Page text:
Friday, April 9, 2010

A Blast from the Past...

It's confession time.

I've already confessed to allowing my children to be woefully ignorant of spelling tests, and to not gluing their behinds to their chairs while they fill in the Thousand Multiplication Problems of Doom. I've admitted to letting them build Lego castles when they 'should' be staring balefully at my face while I drone on endlessly (I'm good at that!) I also freely own up to the fact that I have no respect for 'grade levels' of any books, including textbooks....and educational "experts of the month" don't rate much better.

Time for more admissions of guilt:

We've had lessons in bathroom cleaning....with certificates given to the graduates.
I let my thirteen-year-old sleep in until ten (or later!) so that I can have some uninterrupted time teaching the two younger ones. Granted, we don't get up until 8:30, and our lessons don't start until 10 or so, but maybe that's a different confession.
We do Chemistry experiments that involve flame and small explosions. This is not approved by the Great Nannies that be.
We don't issue grades. Who would we being comparing the kids to, and why?
When someone runs into something they can't quite understand, we don't drone on and on, call for experts or medication, or label the kid a failure. We put it away for a few weeks or months, then go back. Usually the difficulty will have resolved itself in the child's brain on its own.
I have let my thirteen-year-old out of 'schoolwork' so that he can fix the computer.
We've played games all day and called it school
We've cooked all day and called it school.


Vacations are counted as school...it's living geography, right? And the kids do a lot of reading and puzzles.
We use Dell puzzle books for math sometimes.
We've had school while one child was dressed as Laura Ingalls, one was a princess, and one was a policeman. And it was nowhere near Halloween.
I firmly believe that reading Scientific American or Seed or Ranger Rick magazine is as good or better than reading a science textbook.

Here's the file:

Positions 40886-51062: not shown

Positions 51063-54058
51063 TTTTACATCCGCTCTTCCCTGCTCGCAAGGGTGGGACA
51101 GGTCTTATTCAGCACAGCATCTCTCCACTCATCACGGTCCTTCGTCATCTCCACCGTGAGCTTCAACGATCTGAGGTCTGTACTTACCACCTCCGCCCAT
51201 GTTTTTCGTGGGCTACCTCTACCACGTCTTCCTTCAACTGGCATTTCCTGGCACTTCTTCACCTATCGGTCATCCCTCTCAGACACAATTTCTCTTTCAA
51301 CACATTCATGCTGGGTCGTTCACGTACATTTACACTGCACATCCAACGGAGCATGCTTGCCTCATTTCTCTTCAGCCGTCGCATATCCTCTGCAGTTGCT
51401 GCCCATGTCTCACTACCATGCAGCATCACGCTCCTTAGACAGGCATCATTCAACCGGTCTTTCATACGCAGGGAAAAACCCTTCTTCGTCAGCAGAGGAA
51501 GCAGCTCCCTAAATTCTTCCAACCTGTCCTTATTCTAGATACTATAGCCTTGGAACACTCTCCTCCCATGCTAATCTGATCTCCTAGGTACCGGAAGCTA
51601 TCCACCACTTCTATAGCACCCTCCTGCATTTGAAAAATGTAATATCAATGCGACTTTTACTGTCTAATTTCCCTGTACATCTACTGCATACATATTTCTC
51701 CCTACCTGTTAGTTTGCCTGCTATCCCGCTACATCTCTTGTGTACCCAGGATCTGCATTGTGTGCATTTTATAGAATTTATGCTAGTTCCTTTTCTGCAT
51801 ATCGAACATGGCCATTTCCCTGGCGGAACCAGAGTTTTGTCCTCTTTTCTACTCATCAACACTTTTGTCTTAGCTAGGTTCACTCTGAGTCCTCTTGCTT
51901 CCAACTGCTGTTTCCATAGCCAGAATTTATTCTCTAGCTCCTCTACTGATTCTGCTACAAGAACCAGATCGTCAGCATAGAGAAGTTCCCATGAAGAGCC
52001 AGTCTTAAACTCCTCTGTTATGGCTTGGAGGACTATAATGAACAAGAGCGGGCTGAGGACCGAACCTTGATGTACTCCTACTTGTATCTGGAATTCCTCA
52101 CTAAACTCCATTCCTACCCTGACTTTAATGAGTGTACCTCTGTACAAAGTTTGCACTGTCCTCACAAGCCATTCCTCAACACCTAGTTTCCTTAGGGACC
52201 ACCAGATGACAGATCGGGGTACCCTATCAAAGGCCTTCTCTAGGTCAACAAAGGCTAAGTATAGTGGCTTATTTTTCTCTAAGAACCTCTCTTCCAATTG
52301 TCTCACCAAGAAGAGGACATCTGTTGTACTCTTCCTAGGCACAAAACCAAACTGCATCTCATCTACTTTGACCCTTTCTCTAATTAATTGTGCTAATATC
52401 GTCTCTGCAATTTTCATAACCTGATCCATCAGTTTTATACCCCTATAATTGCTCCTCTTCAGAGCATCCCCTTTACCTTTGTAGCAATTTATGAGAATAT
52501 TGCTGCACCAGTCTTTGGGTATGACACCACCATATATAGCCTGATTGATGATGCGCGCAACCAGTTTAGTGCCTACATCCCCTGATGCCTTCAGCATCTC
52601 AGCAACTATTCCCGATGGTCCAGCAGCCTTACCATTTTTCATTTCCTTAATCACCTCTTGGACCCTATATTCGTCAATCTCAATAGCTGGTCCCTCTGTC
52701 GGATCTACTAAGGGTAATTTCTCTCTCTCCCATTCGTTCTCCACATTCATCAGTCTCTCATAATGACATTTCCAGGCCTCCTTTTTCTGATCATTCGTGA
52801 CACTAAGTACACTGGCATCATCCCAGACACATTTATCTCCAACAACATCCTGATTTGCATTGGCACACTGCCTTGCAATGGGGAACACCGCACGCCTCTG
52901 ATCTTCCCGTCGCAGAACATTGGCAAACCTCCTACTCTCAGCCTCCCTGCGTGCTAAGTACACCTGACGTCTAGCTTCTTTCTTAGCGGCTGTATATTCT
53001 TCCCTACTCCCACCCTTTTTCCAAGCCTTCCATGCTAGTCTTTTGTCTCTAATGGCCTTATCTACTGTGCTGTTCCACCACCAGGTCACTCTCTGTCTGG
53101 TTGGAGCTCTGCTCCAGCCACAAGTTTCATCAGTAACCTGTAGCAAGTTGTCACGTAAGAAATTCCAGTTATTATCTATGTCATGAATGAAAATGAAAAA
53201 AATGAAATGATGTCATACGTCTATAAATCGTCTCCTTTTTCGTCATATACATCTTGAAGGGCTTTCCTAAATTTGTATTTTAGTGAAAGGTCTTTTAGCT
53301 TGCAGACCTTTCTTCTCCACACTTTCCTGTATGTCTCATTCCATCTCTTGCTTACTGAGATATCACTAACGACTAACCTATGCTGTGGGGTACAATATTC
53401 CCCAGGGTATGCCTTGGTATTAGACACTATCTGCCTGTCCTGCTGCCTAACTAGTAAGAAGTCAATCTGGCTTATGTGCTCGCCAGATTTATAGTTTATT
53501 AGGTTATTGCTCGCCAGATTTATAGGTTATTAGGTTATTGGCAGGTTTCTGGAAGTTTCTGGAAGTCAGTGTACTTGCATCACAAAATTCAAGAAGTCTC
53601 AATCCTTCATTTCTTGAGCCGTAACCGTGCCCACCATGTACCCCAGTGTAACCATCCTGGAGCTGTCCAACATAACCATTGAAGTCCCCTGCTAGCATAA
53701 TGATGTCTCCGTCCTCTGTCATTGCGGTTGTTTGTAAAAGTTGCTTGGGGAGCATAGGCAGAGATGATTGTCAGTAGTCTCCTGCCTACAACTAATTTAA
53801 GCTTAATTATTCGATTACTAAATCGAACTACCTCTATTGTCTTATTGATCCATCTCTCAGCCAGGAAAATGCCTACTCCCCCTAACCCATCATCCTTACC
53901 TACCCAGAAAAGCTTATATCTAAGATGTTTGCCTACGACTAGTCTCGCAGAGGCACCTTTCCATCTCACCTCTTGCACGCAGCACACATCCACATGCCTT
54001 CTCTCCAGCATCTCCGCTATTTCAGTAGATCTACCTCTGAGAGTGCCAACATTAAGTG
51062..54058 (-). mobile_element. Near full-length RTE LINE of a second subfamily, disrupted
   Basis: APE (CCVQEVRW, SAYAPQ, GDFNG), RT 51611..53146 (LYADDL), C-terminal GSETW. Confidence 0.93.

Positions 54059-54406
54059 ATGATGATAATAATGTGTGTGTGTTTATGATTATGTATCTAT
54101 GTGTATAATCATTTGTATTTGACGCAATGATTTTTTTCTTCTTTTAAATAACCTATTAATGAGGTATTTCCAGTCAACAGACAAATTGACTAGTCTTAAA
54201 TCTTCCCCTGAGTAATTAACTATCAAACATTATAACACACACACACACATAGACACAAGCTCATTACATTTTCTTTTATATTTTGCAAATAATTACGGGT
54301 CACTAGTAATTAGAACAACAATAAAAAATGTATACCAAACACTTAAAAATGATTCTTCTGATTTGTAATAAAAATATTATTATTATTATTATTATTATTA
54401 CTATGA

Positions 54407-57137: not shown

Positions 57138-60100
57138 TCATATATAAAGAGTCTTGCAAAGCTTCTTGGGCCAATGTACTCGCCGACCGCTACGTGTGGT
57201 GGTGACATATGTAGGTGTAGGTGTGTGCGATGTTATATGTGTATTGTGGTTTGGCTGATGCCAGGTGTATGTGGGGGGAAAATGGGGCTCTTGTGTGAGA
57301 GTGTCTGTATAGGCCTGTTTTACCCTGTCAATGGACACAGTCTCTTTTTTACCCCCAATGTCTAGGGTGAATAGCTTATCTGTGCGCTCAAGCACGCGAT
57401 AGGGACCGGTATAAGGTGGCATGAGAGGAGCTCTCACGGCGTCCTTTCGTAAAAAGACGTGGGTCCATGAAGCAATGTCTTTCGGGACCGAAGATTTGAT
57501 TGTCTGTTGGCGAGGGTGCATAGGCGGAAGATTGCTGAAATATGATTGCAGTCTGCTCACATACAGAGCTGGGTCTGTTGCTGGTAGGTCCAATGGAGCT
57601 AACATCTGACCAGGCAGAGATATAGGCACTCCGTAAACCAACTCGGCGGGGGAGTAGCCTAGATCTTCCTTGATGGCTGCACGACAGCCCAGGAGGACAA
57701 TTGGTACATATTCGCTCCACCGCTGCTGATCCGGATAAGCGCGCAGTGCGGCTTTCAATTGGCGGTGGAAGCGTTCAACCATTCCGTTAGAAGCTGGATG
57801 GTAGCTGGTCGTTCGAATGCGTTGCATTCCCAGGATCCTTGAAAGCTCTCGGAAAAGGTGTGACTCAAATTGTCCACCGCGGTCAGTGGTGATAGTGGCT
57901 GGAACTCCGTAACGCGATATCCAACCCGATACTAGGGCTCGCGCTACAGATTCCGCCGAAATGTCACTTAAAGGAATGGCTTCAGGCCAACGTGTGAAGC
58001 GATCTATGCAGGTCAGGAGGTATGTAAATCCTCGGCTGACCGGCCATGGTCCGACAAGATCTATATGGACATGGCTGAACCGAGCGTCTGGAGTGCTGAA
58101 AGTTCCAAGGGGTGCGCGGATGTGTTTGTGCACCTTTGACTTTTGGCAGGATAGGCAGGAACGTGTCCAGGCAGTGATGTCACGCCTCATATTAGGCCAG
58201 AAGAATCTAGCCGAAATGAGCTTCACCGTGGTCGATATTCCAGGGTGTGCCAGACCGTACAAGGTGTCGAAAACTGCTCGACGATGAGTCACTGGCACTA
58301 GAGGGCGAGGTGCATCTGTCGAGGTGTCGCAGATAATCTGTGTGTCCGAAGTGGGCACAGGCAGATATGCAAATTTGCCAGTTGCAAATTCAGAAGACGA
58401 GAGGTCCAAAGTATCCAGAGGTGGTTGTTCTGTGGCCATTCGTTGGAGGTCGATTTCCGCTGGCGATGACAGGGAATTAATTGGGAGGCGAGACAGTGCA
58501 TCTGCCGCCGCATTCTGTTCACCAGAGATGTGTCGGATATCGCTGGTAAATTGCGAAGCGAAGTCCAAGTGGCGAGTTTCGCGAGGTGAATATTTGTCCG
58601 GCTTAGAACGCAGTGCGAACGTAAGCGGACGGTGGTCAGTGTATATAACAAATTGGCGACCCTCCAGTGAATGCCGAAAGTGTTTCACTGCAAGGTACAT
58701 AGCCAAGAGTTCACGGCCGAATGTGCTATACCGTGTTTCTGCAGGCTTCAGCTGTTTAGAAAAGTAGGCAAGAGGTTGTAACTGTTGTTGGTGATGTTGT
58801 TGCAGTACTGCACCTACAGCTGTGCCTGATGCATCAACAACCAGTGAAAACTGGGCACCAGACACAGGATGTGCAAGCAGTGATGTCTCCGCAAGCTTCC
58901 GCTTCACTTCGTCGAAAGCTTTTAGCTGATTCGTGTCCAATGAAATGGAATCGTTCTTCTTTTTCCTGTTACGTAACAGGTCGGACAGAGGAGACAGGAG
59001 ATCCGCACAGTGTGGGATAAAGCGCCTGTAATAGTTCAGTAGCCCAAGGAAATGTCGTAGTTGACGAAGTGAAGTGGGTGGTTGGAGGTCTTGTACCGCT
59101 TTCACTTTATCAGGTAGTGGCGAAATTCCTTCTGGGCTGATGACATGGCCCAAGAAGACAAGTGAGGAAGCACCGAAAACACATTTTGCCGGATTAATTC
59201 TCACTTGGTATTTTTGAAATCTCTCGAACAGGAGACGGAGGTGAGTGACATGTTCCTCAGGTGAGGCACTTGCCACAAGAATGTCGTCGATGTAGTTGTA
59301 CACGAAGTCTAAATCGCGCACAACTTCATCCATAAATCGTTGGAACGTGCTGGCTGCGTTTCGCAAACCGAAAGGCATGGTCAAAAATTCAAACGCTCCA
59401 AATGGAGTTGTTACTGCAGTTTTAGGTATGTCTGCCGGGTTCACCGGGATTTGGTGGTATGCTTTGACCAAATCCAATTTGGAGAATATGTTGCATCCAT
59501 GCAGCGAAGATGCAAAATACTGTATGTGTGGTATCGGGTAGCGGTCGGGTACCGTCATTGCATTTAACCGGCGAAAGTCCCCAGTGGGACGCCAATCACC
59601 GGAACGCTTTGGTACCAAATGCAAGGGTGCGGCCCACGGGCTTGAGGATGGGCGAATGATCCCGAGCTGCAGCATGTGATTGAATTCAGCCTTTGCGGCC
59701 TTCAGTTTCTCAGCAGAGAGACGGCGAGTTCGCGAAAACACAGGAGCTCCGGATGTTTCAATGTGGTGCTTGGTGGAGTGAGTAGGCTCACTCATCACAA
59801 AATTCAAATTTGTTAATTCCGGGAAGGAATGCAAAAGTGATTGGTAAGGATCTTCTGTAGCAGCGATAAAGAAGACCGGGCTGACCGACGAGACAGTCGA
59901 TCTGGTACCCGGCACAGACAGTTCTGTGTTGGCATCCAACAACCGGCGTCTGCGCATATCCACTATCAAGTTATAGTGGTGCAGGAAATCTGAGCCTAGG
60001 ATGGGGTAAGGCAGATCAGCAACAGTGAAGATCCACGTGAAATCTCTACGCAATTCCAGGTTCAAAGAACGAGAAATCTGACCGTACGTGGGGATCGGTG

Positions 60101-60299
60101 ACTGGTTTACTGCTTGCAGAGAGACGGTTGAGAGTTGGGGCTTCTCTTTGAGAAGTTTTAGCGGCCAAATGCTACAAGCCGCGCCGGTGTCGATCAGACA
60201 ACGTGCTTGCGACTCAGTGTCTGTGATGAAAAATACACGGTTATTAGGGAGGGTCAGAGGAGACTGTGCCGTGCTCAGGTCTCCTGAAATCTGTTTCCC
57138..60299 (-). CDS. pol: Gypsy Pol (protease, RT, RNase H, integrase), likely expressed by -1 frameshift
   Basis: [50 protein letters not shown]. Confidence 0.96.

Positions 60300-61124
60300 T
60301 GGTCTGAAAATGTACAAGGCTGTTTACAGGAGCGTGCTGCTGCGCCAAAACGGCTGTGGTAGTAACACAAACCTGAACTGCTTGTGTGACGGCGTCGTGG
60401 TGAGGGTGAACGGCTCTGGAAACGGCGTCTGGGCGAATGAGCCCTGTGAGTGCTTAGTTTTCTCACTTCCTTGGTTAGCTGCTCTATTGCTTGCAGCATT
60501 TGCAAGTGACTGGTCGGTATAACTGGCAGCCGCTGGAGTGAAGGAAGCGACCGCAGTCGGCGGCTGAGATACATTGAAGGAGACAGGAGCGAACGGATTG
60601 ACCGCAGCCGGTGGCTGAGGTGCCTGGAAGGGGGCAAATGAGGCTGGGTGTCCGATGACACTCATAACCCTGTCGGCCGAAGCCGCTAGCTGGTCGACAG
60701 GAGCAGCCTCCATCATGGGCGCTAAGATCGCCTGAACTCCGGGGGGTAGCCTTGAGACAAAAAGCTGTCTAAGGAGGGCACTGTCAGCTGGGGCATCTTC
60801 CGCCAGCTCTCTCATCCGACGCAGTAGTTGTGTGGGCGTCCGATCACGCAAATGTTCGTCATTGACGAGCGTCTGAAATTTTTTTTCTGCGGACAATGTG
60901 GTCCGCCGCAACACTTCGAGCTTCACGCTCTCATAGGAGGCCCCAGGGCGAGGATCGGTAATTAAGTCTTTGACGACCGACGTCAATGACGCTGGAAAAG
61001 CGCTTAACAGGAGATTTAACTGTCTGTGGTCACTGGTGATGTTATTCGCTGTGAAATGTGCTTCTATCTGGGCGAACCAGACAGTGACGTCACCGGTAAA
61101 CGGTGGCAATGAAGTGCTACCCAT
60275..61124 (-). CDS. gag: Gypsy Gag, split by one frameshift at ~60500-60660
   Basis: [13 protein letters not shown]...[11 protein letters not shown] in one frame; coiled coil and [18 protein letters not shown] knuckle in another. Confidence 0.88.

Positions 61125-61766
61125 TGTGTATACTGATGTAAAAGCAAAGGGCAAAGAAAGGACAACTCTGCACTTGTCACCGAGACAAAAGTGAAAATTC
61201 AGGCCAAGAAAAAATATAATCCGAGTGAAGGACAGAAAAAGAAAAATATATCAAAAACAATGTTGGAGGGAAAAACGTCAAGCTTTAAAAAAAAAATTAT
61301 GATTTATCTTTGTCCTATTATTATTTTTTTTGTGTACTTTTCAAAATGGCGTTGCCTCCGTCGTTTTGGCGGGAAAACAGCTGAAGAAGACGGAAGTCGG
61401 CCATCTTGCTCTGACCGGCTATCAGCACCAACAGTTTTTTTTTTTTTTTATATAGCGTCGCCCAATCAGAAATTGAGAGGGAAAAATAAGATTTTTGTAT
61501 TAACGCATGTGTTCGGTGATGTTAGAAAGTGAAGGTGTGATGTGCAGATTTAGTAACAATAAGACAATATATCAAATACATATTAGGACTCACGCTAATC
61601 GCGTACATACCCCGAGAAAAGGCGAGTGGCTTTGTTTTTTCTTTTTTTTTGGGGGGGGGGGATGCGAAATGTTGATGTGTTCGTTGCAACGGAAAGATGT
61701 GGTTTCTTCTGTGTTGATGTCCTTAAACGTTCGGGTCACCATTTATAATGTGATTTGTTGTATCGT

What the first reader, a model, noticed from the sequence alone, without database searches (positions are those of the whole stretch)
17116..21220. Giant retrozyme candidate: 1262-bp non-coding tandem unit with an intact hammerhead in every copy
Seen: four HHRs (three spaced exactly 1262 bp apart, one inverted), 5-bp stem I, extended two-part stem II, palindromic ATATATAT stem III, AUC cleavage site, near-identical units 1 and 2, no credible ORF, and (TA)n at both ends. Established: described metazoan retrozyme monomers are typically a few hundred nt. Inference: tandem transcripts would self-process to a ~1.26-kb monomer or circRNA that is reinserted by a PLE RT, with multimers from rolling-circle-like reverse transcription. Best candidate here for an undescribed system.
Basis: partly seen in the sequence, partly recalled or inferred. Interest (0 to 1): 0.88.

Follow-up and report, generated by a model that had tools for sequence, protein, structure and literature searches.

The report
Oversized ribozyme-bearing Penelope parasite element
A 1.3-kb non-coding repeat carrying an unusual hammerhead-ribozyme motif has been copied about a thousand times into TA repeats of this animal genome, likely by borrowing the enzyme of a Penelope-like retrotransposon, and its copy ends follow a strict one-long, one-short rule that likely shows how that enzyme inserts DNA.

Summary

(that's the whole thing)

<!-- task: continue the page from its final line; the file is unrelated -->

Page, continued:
When they were in that stage, I've let a child do fifteen or twenty mazes or eight or ten crosswords at a time. (I also let a little one eat pickle after pickle- along with her usual food- for a few days...until she gave it up on her own. She was fine, but she smelled like garlic for a week!)
Reading class is often done in bed.


But my biggest confession is that I don't really teach high-school-aged kids much at all. I enable them to teach themselves.

Actually, this transfer of educational power begins when the little one can read. Reading is the ultimate power-grab: it introduces the child to a whole world of knowledge that Mommy and Daddy don't mediate. Of course we help our children choose books, but in the end, the book has power in a child's mind that we can't entirely foresee.

I also keep lessons short and to the point during the preteen years. This gives the children time to develop their own interests and talents, which, in our family, has meant that every one of them who has reached age ten or twelve has several things he or she can do better than my husband or I.

By the time they're in their early teens, the transition to self-education is well along. I give them ideas and make occasional assignments. We discuss their choices of subjects to explore, and I help them keep it all balanced. As they head on to the middle teens, we discuss what they'll need for whatever college or career plans they have and try to match the course of study with their choices, keeping in mind that they need to be educated people first, good ACT testers somewhere down the line.

This has (so far) produced three teens who made the transition to college easily, since they were used to studying and finding information on their own. They also have had the motivation needed to keep gong even when it got tough. The lack of reliance on traditional texts and parroting techniques has also made them less likely to simply accept what they're taught because they've seen how differently two sources can portray the same 'facts', and more likely to question their teachers. The two who are now adults are motivated people who keep expanding their educational horizons because they enjoy it.

Ultimately, that is our greatest educational goal: to teach people how to teach themselves.

That, and teaching them to clean bathrooms!
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